Student Academic Affairs
academic advisement—rights and responsibilities
Definition of Academic Advising
Academic advising is an integral part of the educational process.
The primary purpose of academic advising is to assist students in
the development of meaningful educational plans compatible with the
attainment of their life goals.
Effective advising is characterized by a good working
relationship between the advisor and the student, which adapts to
the experiences and changing needs of the students.
Quality advising also requires understanding, affirming,
and respecting the individual differences within the University
community. The advisor is expected to develop the knowledge,
experience, and interest for successfully communicating with
students in a genuine, sincere, accurate, and confidential manner.
Students are expected to understand University and program
requirements and accept the responsibility for fulfilling them.
Together advisors and students are expected to maintain a
professional and mutually respectful relationship as they review
students’ progress toward the attainment of educational objectives.
Academic advising is an interactive process in which both
students and advisors share the responsibility. The advisor serves
as a facilitator of communication, as a source of accurate
information, as a coordinator of academic planning, as an assistant
in helping students to solve academically related problems, and as
an agent of referral to other professionals and campus resources.
Responsibilities of the University Administration
- Effective advising is contingent upon adequate
staffing, facilities, and resources including
sufficient course offerings. Given the above, the
- Ensure that facilities and personnel
resources are adequate for effective advising.
- Provide professional orientation,
continuing education, and evaluation for advisors.
- Provide adequate incentives, compensation,
and recognition for advisors.
- Ensure that administrative offices respond
promptly to advisement inquiries.
- Ensure that administrative offices provide
Responsibilities of the Undergraduate Advisor
Inherent in the advisement process is the need to help students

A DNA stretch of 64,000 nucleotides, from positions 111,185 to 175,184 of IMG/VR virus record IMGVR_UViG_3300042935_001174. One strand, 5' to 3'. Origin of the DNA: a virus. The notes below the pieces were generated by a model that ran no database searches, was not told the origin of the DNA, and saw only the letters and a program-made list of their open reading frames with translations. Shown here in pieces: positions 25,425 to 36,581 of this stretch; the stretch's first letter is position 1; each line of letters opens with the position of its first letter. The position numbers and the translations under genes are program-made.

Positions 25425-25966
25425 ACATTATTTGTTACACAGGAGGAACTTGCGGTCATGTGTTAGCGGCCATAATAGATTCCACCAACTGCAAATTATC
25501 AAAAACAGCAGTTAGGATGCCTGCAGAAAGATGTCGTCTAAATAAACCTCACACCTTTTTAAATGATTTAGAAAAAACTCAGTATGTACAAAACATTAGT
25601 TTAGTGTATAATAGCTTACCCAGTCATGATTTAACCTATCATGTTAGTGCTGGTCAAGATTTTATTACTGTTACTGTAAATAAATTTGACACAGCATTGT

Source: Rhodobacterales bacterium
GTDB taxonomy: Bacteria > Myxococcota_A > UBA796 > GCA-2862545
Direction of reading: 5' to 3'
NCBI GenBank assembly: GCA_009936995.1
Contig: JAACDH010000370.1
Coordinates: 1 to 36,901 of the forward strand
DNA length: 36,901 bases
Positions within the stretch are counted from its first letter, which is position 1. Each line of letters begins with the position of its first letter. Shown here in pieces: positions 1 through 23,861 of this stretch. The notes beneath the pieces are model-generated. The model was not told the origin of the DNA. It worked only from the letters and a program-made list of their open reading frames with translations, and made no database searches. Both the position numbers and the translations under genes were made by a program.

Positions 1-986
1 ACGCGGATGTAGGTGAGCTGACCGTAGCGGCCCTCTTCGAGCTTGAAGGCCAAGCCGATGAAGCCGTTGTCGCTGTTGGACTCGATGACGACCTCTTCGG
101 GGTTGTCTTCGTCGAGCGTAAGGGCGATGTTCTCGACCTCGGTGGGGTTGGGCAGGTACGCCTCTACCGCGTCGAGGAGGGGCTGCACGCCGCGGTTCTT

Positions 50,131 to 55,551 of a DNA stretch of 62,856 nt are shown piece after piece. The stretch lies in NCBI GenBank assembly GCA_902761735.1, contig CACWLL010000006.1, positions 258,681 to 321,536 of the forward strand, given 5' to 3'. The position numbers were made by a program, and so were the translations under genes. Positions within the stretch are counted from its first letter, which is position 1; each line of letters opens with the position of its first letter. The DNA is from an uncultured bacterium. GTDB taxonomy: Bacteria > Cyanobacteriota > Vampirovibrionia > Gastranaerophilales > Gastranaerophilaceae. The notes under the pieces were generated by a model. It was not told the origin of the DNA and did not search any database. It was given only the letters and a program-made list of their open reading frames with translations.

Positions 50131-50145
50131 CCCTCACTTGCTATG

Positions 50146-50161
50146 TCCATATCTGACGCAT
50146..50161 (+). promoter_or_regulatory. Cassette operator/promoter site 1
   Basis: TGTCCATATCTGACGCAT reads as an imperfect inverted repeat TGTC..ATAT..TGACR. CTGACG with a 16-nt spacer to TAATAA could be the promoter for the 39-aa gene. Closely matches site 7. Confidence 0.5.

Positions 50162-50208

understand the nature of the University and a university education.
Given the above, the advisor must:
- Have a thorough understanding of:
a. the General Education Program.
b. institutional requirements
c. course sequences and major and minor
requirements, and, if appropriate,
d. teacher education requirements of advisees.
- Know University and college/school
policies and procedures.
- Be available to students by maintaining
adequate office hours and appointment times that are
reasonable to accommodate students’ needs.
- Be sensitive to the unique needs of
- Discuss linkages between academic
preparation, the world of work, and life goals.
- Provide students with information about
alternatives, limitations, and possible consequences
of academic decisions.
- Monitor student advisees’ progress toward
educational/career goals through the maintenance of
accurate student records.
- Refer students to appropriate resources
for needed assistance and serve as an ombudsperson
(advocate) for advisees.
- Participate in professional development
activities related to academic advisement.
- Exhibit the professional rapport necessary
to maintain congenial relationships with advisees
and for maintaining a positive, constructive
attitude toward advising in general.
Responsibilities of the Undergraduate Student
Students must accept the idea of a university education. To have
a successful educational experience requires developing a commitment
to the advisement process that entails:
- Being knowledgeable about the academic policies,
procedures, and requirements (including graduation
a. the University
b. the college or school
c. students’ program major(s)
d. students’ program minor(s)
e. the General Education Program
- Planning an academic program to meet
- Maintaining personal copies of a tentative
degree plan, progress reports, General Education
evaluations, transfer credit evaluations, and other
important University documents.
- Knowing the name and office location of the
academic advisor, and actively participating in the
advising and scheduling process by consulting with
- Taking advantage of the information and advice
- Seeking and reviewing relevant information
- Developing social, academic, and career
goals, and examining how these goals can affect
- Understanding that students must accept
final responsibility for decisions regarding
personal goals and educational goals, and for
satisfying graduation requirements.